Tiger Brands goes solar as power woes persist

Staff Writer
By Staff Writer, ITWeb
Johannesburg, 17 Aug 2022

JSE-listed packaged goods company Tiger Brands will soon begin rolling out solar power at its manufacturing sites.

In a statement, the company says this kicks off a “multimillion-rand” investment, with the goal to have 65% of its electricity requirements at a manufacturing level across South Africa sourced from sustainable energy solutions by 2030.

It notes this will be done through the procurement of power purchase agreements from independent power producers, as well as other renewable energy options.

The move comes as SA continues to face crippling power shortages, with the country also looking to move away from fossil fuels.

Embattled power utility Eskom, which supplies the majority of SA’s electricity, has over the years struggled to keep the lights on and has had to introduce load-shedding in order to protect the grid from a total collapse.

Amid the power crisis, president Cyril Ramaphosa recently put renewables at the core of government’s plans to end load-shedding.

Tiger Brands notes that onsite solar power, and other renewable energy solutions, will be installed at 35 of its manufacturing sites across SA by 2030, beginning with four sites, which will generate 2MW of power, providing at least a third of their power usage.

The first four sites are Tiger Brands’ Henneman Mill in the Free State, King Foods in the North West, as well as its beverages and home and personal care manufacturing plants in Gauteng.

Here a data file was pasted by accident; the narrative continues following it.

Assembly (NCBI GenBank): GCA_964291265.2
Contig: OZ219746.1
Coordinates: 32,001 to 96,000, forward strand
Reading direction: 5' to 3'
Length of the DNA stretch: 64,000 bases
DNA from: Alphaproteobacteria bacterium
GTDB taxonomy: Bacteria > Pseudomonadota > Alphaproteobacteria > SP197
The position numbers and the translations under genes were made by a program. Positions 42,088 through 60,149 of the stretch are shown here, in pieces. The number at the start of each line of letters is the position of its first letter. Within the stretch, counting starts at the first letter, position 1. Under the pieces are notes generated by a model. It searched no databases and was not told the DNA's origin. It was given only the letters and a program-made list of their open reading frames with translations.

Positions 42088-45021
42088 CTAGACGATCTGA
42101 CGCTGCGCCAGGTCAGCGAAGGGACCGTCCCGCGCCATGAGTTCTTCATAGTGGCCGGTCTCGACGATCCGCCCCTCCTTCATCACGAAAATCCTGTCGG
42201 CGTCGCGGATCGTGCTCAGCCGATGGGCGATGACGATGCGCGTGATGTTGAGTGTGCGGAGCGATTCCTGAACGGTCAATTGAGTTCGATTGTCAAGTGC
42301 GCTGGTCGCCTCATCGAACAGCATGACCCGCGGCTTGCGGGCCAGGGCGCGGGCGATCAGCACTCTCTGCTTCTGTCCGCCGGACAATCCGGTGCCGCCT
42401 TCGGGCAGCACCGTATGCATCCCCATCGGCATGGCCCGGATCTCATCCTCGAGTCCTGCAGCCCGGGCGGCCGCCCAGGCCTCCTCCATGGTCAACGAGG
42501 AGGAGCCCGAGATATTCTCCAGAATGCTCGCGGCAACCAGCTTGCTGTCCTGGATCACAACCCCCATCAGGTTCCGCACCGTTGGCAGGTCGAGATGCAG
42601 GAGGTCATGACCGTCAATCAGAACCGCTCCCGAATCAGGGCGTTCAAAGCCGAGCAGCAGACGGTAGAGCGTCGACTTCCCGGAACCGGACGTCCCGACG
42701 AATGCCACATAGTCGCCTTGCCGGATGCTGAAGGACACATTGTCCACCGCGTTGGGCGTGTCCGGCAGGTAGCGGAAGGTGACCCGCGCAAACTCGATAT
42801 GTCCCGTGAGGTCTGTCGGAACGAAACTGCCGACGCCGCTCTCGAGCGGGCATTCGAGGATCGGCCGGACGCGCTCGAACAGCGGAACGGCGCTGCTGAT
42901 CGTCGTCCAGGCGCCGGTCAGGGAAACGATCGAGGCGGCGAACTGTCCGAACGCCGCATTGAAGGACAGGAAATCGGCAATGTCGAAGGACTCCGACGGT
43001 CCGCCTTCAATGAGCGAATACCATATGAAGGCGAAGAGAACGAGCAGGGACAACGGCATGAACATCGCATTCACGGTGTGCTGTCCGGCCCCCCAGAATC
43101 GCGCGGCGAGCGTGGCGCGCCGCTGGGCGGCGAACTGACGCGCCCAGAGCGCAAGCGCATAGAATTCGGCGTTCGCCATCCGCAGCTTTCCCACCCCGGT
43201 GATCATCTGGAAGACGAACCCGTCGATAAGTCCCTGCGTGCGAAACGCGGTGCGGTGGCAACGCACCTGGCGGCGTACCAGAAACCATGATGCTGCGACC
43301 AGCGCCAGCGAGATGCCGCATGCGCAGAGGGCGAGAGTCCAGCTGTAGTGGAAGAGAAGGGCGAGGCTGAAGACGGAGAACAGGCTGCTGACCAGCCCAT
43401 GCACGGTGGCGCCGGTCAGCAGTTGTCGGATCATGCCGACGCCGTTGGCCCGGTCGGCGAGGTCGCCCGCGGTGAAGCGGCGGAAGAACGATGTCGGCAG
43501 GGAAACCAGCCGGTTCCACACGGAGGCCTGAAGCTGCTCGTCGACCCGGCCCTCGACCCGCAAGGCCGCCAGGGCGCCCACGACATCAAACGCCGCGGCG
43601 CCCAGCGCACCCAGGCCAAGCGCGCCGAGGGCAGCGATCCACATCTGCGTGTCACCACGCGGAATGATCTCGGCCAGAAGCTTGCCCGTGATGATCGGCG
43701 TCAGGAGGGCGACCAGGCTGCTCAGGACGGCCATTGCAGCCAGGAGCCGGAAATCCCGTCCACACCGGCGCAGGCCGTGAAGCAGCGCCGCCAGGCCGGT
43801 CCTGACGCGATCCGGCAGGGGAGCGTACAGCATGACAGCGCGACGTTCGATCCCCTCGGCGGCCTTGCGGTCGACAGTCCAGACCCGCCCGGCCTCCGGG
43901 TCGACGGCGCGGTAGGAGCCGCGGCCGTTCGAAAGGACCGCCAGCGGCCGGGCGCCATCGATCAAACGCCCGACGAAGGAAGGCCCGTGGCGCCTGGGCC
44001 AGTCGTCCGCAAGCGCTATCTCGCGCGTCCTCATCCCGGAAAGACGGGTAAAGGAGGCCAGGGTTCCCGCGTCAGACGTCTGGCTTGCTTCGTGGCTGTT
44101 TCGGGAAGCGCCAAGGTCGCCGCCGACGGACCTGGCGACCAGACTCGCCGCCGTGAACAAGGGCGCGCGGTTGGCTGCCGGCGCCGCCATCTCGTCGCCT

According to the company, solar power generation at these sites is expected to go online between the last quarter of this year and the first quarter of 2023.

“Harnessing the power of natural energy sources is first and foremost about minimising our impact on the environment and doing our part to reduce reliance and strain on the national grid so that more South Africans have access to the resource,” says Derek McKernan, Tiger Brands chief manufacturing officer.

The goal is to reduce its greenhouse gas emissions by 45% against science-based targets by 2030, with a target of net-zero emissions by 2050, says the firm.

Other than solar power, Tiger Brands is also exploring biogas, wind, batteries and hydrogen, among others.

The company says it has introduced several initiatives to reduce energy intensity at its manufacturing sites to maximise efficiency efforts.

Some of these optimisation initiatives include detailed site investigations to identify water and energy reduction opportunities, as well as ensuring accurate measurement and metering at the sites.

This is aligned with its aim to reduce its energy intensity by 30% by 2030, says the firm.

“This is not a one-size-fits-all solution that we are introducing. We want to ensure we assess the requirements of each site individually and implement initiatives and innovations that best suit each site, while removing all forms of power wastage,” says McKernan.